Multi-process support in Firefox gets closer to reality

By on July 8, 2009, 1:14 PM
Mozilla has made dramatic improvements when it comes to speed in recent times, but one feature its Firefox browser notably lacks compared to Google Chrome and Internet Explorer 8 is multi-process browsing. As we’ve mentioned before, there are several benefits of having each page or tab run in a separate process, not the least of which are performance gains when using multiple processor cores and the added stability.

We already know Mozilla has begun a four-plus phase project, dubbed Electrolysis, to bring the feature to Firefox. So, how far along are they? According to the project roadmap, just about done with phase 1, which is to get basic code working in a prototype that runs plug-ins and content tabs in separate processes. In fact Mozilla's Chris Jones posted a video last month that shows how a page rendering process can be terminated independently, so that a page-specific crash would take down only the page and not the entire browser.

To accomplish this, Mozilla is using some code from Chromium, the open source development version of Google's browser. They are also contemplating the possibility of replacing existing Firefox components, such as the browser's network stack, with additional code from Chromium. Development team leader Benjamin Smedberg had has posted some additional information on the project, which is expected to conclude phase 2 by November 2009. The end of phase 3 should be synonymous with shipping, but a deadline was not offered for it at this time.

User Comments: 2

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Nirkon said:

Well seeing as Firefox has different architecture from IE and Chrome, hopefully making all the plugins and addons run in different processes won't actually slow it down.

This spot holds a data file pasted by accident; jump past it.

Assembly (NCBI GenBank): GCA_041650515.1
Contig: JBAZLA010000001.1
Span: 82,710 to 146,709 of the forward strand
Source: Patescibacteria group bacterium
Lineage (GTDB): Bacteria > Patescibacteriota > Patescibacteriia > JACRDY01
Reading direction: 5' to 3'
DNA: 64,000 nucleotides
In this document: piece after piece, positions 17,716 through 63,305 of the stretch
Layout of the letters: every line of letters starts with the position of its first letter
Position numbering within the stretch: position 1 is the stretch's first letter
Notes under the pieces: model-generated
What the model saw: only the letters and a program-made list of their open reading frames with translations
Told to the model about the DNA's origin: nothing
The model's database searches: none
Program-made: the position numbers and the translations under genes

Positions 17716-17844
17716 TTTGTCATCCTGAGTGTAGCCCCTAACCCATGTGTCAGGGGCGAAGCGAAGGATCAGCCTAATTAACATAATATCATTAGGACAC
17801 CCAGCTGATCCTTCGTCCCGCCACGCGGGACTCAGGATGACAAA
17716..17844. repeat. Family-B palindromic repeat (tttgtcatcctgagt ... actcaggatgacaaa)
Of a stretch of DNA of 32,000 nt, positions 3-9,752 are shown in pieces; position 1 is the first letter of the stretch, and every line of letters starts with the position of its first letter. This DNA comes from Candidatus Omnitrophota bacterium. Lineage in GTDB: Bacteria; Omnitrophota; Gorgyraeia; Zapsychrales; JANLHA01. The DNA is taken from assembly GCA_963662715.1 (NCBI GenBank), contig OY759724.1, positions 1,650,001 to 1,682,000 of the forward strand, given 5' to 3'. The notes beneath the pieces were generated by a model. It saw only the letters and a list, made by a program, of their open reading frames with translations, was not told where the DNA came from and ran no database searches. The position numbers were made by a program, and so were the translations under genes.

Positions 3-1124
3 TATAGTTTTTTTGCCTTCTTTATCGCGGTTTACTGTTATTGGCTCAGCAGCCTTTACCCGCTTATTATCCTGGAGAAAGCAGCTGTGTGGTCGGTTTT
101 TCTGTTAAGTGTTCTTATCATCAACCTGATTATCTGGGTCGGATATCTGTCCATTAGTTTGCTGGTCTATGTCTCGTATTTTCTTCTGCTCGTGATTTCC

Truthfully, at times I could have 20-40 tabs open, sometimes even more, I don't think I would want that many applications in my task manager, I wouldn't be able to see anything else.

Rick Rick, TechSpot Staff, said:

I don't think I would want that many applications in my task manager, I wouldn't be able to see anything else.

Don't fret. If it is anything like Chrome and Internet Explorer 8, they will show as a single 'process' under the "Applications" tab in task manager.

However, if you open the "processes" tab for a more detailed list of running processes, you will see each individual tab as a new process. Honestly, you really don't have much business there unless you're having problems and I personally think the performance increase will be worth that trade off.

Besides, the task manager could certainly be redesigned in the future to take this into consideration by grouping processes. I imagine a utility like that already exists as well, since there are a number of 'enhanced' task manager replacements available.

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